In this file photo US singer Taylor Swift arrives for Universal Pictures’ world premiere of “Cats” at Alice Tully Hall on December 16, 2019 in New York City. Pop icon Taylor Swift hit out at Donald Trump on May 29 after the US president suggested law enforcement might shoot protesters angry over the killing of a black man by Minneapolis police.
In her Instagram story yesterday, Taylor posted ways people can help on the issues surrounding the world today, including Junk Terror Bill.
“When you’re done: Educate yourself. This doesn’t go away once the topic isn’t trending,” the page reads.
Prior to this, Taylor hit out at Donald Trump on Friday after the US president suggested law enforcement might shoot protesters angry over the killing of a black man by Minneapolis police.
“After stoking the fires of white supremacy and racism your entire presidency, you have the nerve to feign moral superiority before threatening violence?” Swift wrote on Twitter, where she has 86 million followers.
She cited Trump’s controversial tweet in which he said, “When the looting starts, the shooting starts,” before threatening: “We will vote you out in November. @realdonaldtrump.”
Trump sparked controversy with a late-night tweet on violent anti-police protests in Minneapolis, when he called protesters “THUGS” and warned of military intervention.
Twitter took the unprecedented step of hiding the tweet because it violated the platform’s rules against “glorifying violence.”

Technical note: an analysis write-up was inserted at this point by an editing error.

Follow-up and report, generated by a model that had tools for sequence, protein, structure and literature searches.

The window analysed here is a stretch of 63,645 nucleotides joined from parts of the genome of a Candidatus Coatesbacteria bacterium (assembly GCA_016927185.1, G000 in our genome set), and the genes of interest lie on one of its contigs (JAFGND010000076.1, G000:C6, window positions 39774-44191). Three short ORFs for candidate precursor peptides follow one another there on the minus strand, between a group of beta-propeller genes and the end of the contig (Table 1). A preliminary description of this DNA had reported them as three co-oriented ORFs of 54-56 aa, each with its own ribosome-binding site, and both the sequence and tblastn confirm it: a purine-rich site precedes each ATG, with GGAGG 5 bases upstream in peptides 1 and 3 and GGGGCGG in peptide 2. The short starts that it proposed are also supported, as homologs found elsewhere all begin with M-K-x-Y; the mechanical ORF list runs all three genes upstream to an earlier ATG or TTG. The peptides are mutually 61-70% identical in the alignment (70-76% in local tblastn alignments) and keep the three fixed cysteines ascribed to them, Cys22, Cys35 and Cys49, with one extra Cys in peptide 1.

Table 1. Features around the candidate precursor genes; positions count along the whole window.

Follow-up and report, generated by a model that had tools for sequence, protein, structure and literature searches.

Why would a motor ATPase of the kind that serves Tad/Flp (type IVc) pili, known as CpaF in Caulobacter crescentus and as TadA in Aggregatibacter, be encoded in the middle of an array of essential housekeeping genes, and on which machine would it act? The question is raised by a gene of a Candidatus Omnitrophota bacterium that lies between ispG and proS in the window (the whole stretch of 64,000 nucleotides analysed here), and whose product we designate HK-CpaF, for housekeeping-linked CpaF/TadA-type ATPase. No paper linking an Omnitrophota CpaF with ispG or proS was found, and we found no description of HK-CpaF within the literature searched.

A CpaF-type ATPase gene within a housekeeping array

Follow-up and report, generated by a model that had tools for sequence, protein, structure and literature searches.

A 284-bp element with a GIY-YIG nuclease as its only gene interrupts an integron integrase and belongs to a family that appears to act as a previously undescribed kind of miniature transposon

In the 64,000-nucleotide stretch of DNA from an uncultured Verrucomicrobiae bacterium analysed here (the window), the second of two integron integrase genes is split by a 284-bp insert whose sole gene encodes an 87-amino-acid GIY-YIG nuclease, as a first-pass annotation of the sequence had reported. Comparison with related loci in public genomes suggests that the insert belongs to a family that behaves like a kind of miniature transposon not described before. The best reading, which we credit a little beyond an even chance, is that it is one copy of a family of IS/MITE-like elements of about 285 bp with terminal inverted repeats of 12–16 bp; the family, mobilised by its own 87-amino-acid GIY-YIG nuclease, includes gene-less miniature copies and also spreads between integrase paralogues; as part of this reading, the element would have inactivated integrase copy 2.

Hundreds of troops were deployed to the streets of Minneapolis and St. Paul on Friday after a third night of rioting over police brutality against African Americans.
The demonstrators are outraged over the videotaped death of George Floyd, 46, while handcuffed on the ground and in custody of Minneapolis police on Monday.
He died after an officer kneeled on his neck for more than five minutes.
In the past few years, Swift has opened up about politics after initially struggling to control her own voice as an artist who found massive fame at a young age.
She endorsed Democratic candidates in Tennessee in 2018 and has criticized Trump previously.
The White House defended Trump, saying he “clearly condemned” violence. — Reports from Agence France-Presse
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